Scarborough Fair has remained one of my favorite arrangements. I used a dissonant chord- release on the 2nd and 3rd beats of the introduction and in other parts of the piece. I also added a varied counterpoint as the piece progresses and modulated to a pseudo fugue to end the arrangement. Cartoon Music is a fun three theme arrangement using the Mickey Mouse theme followed by the Woody Woodpecker theme and ending with Looney Tunes. Looney Tunes is the longest segment in which I added a couple of different treatments. The added treatments are Chinese, Viennese Waltz and Klezmer.
Once in a while, we forgot which repeats to use in a piece. The hand copied arrangement got stuck on the last page turn of John Miller's part during Bassoonists’ (Buddhists) Holiday which made us come to a grinding halt. After audience laughs including our own laughs, we began playing the piece again from just before the breakdown.
Ultimately, it was a thrill and privilege to be able to perform with all of these extremely talented high profile bassoonist colleagues and friends.
Any unappreciative mail or comments about these arrangements should be addressed to John Miller or Bob Williams. And of course, appreciative comments can be addressed to me. For those who have asked, I have been living in New Jersey since 1995.
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I liked to recycle some of my arrangements for other instrumental combinations when I was performing various chamber concerts around the Boston area. The performances and re-arrangements below were for bassoon and string trio (violin, viola & cello). I tacked these on for the last part of a concert at Boston's Gardner Museum in 1983. They followed the more serious pieces (Hindemith, Devienne etc.) on that concert and were recorded with a handheld tape cassette recorder - and again with little rehearsal. (Steve Young - bassoon, Michael Rosenbloom - violin, John Englund - viola & Marc Simcox -cello)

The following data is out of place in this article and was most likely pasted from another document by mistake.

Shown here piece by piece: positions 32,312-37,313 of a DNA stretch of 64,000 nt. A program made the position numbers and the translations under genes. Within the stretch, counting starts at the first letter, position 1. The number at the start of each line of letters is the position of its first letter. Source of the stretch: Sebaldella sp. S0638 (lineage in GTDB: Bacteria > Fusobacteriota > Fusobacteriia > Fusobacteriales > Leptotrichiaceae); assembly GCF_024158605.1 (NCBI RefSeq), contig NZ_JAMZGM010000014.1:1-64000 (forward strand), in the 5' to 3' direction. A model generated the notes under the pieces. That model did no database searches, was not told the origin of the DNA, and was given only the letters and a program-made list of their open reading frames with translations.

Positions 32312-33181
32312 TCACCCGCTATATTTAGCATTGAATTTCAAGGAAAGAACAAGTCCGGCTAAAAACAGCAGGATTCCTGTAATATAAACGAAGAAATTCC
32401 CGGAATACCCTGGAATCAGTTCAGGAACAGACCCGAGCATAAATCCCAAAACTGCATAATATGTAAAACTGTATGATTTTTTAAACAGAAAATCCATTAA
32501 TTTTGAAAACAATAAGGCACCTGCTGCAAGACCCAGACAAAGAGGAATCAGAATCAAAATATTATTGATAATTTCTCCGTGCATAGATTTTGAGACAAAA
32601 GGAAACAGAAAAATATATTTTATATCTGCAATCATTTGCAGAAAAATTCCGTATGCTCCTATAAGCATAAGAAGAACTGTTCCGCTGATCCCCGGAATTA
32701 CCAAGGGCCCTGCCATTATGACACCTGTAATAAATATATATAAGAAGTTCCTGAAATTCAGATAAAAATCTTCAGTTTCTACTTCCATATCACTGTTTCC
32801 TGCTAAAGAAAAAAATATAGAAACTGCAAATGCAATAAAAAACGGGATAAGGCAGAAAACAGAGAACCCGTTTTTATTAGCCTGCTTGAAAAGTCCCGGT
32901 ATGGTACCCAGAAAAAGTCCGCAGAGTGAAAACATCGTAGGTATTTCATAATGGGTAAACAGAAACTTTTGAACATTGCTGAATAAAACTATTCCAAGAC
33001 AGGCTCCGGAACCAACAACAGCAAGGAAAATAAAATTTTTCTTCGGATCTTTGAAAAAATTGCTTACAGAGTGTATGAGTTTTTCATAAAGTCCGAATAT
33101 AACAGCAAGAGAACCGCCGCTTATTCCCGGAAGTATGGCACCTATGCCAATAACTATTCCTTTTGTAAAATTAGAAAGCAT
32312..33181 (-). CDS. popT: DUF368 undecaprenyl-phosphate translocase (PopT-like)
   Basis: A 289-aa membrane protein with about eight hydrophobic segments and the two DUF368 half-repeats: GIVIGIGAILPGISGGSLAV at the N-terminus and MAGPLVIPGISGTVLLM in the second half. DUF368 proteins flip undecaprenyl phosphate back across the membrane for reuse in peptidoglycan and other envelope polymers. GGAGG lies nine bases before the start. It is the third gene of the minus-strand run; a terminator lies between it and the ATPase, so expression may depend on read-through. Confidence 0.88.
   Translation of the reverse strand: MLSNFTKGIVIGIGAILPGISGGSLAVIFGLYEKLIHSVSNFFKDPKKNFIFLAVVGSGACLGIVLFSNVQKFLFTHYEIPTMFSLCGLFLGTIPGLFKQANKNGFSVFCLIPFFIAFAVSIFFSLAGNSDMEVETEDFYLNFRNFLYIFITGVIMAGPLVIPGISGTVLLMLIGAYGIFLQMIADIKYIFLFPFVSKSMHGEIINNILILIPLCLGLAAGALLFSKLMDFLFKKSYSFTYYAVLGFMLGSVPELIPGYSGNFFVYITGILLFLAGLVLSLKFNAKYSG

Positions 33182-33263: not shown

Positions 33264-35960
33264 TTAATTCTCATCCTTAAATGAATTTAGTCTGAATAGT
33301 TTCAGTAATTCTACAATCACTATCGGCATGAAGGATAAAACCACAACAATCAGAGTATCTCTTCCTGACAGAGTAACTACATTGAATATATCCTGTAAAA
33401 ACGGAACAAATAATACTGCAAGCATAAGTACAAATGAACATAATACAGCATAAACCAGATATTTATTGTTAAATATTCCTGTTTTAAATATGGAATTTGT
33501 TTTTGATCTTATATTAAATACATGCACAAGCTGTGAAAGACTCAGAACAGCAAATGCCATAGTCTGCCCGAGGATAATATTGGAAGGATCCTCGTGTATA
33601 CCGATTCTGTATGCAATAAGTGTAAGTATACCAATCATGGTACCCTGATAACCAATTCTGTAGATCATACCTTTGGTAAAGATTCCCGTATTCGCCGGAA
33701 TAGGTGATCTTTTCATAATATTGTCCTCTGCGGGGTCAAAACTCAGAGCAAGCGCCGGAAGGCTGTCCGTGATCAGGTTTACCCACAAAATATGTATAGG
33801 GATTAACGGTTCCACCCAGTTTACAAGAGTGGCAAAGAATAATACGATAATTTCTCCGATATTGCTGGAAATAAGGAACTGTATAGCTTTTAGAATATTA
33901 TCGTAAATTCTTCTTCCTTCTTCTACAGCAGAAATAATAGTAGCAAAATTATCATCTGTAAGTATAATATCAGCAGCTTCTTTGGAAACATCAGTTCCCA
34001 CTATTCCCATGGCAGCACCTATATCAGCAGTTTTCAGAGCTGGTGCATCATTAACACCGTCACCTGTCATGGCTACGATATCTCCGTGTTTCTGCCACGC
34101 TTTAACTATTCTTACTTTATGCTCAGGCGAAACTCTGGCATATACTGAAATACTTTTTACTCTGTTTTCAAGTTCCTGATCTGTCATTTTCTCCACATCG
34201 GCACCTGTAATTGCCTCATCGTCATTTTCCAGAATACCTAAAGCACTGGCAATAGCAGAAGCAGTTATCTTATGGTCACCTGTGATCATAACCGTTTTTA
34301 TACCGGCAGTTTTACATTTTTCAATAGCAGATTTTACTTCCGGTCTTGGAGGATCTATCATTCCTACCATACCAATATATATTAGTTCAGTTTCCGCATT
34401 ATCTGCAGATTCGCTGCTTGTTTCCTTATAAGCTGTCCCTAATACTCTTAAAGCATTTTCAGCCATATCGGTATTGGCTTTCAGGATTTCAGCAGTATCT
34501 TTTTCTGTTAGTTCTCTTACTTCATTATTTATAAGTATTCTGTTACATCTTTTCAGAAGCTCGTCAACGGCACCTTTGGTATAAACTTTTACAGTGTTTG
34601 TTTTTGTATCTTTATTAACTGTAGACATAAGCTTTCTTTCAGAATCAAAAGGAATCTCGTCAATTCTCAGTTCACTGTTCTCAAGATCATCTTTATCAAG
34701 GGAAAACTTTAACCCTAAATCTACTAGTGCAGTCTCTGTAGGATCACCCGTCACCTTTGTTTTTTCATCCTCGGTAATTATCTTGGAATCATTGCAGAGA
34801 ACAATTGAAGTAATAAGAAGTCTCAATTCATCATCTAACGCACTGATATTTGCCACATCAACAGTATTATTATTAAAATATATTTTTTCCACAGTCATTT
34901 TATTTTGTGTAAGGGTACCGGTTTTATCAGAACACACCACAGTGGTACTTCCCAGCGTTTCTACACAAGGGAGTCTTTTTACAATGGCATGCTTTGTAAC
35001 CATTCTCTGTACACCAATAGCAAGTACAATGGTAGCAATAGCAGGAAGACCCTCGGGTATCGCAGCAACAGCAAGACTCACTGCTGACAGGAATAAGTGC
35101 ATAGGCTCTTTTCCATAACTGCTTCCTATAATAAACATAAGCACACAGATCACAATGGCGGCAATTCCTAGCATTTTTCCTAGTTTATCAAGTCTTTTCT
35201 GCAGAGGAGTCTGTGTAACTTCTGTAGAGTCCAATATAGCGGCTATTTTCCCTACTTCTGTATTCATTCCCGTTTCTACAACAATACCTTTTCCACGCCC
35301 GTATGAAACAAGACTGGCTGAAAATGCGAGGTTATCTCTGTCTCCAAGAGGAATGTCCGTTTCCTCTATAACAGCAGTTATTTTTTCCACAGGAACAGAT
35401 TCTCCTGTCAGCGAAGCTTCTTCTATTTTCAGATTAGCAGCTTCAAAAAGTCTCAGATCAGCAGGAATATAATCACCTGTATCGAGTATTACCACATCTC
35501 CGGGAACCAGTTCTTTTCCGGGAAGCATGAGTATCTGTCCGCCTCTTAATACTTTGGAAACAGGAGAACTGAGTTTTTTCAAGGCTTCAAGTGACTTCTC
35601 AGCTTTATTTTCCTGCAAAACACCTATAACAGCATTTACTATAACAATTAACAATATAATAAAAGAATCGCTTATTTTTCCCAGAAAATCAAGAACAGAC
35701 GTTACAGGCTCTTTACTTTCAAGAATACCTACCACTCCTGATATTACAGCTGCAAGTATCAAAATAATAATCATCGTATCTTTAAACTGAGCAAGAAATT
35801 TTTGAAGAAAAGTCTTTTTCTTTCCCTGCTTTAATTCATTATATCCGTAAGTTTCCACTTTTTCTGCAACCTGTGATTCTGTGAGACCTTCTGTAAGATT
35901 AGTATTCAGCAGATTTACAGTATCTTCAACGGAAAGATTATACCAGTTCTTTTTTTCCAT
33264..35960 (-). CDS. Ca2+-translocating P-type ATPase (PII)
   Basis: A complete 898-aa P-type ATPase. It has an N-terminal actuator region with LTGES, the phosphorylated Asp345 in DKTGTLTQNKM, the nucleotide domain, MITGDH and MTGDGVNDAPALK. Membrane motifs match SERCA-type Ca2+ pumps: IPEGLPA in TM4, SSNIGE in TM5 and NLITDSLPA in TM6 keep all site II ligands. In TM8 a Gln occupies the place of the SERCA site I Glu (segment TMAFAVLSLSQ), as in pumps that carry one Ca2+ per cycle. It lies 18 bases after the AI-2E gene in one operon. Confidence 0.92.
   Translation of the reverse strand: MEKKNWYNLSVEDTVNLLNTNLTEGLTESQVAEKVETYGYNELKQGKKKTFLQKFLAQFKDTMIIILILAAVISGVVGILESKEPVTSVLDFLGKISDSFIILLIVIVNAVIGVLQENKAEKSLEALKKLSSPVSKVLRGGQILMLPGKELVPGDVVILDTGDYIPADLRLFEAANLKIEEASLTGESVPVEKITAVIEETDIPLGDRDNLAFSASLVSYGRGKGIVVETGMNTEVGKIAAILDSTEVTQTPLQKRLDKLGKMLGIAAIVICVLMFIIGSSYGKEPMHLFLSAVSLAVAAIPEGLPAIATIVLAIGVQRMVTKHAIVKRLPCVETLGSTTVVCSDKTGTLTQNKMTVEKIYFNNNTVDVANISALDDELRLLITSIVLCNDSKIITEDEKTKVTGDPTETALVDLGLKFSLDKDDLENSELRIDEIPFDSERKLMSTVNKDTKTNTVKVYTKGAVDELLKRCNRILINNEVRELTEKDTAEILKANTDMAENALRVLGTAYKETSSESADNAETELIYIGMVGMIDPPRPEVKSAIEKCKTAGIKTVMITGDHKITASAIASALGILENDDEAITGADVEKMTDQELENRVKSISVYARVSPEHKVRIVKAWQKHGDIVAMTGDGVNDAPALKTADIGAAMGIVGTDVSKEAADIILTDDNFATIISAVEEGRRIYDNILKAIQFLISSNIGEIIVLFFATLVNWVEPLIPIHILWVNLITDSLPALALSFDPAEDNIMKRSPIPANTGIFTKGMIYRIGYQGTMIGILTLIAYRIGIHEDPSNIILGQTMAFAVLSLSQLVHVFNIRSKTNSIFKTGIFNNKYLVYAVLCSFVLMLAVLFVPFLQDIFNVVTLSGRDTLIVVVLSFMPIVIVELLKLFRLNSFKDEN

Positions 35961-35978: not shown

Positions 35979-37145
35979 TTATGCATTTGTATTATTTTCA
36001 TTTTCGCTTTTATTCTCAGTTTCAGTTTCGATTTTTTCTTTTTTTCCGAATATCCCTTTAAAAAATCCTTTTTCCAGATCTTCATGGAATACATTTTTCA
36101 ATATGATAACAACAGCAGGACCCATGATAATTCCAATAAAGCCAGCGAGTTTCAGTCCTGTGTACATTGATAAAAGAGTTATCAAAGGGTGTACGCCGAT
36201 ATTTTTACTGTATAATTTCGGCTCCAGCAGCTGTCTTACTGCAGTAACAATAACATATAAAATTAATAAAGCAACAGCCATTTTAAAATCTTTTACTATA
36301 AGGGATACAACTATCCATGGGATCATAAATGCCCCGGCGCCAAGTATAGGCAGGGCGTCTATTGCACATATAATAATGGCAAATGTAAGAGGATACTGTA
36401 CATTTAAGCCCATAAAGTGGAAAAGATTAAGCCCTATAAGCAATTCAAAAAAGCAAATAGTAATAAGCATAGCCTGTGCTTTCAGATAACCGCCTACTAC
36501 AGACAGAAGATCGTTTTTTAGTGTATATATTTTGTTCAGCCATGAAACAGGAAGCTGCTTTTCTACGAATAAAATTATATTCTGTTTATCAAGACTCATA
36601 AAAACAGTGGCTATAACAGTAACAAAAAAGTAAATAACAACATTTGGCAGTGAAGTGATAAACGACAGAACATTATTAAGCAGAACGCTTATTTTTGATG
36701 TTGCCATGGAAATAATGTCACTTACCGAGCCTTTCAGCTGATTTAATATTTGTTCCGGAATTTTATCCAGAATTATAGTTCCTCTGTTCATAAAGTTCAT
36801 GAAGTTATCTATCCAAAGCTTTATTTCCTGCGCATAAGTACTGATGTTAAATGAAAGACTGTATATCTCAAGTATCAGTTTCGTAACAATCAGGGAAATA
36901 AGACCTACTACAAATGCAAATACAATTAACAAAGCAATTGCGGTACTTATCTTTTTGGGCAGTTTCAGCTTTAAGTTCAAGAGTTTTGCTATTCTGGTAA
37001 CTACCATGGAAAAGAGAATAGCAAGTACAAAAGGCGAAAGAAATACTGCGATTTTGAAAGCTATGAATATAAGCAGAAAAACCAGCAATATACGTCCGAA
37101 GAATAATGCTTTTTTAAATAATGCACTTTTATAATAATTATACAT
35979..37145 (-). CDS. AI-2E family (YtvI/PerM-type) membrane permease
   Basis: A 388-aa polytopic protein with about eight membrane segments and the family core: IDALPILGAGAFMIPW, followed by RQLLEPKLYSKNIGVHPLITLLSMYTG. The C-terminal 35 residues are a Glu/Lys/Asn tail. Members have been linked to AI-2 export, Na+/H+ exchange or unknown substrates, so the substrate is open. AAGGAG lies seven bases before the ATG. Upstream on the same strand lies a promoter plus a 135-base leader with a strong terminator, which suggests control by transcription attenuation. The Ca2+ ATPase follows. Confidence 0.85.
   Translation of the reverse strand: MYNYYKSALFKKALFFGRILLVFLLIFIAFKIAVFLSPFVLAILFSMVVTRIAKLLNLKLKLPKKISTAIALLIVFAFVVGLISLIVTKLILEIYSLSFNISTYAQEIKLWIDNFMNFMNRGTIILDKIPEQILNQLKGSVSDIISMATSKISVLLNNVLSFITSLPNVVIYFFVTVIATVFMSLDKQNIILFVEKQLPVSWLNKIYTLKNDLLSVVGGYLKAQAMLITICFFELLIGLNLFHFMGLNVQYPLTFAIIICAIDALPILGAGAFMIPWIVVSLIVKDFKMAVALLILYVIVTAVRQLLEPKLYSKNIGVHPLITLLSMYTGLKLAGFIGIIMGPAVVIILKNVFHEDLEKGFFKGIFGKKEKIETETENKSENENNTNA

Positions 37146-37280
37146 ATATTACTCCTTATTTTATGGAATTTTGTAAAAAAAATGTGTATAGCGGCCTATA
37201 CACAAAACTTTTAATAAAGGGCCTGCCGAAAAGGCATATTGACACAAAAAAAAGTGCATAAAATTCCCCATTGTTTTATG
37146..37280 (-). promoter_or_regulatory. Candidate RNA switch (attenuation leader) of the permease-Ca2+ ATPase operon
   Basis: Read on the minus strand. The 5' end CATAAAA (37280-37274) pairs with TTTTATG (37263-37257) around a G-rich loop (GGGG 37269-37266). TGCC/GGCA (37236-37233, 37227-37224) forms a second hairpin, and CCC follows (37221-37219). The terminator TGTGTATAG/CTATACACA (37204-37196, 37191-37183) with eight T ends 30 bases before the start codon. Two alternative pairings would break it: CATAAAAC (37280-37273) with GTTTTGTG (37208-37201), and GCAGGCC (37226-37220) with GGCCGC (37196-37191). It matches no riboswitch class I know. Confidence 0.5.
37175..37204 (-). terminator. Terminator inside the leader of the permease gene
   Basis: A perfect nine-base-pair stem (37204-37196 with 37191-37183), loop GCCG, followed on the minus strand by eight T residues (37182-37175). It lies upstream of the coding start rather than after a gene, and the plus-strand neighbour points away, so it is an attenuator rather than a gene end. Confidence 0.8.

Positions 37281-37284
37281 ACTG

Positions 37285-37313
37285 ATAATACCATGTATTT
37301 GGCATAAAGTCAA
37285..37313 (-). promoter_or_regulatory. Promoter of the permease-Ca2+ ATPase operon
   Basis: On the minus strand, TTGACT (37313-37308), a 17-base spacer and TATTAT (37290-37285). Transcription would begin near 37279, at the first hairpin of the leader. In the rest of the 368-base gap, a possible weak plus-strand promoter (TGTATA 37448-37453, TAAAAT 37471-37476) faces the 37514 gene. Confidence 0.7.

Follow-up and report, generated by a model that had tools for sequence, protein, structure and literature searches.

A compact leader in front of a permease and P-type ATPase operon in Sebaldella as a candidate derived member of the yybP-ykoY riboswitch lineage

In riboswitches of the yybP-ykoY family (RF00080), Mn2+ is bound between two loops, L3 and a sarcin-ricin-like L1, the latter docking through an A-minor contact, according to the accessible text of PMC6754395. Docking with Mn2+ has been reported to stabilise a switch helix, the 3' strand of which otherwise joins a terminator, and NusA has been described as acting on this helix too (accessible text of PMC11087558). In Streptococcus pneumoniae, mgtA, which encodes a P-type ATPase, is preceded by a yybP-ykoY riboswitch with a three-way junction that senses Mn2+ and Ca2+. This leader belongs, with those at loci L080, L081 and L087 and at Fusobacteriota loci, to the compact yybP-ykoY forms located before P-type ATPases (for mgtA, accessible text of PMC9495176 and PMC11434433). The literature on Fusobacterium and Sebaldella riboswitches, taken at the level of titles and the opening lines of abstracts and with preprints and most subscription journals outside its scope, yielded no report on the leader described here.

Humoresque - Glière - Jalousie Tango - Bassophobia (Saxophobia) - Cartoon Music
Original arrangements for bassoon & string trio performed are below. All of these files are in PDF format and have all of the parts.
Jalousie Tango - Bassophobia - Cartoon Music
Humoresque - Glière (Only the string parts are here from what I arranged from the bassoon & piano version. You need to have a copy of the bassoon part from that edition to perform this because it is copyrighted)
Chant Duo - Bassoon & Cello or Two Bassoons by Young - PDF of manuscript
Woodind Trio (Flute, Clarinet & Bassoon) version of Cartoon Music (S. Young - Bassoon, M. Marvuglio- flute, A. Lizotte -
Clarinet) - from Berklee College of Music Faculty Concert in 1982
Cartoon Music for WW Trio
See menu item "S. Young Other" for interesting woodwind trios.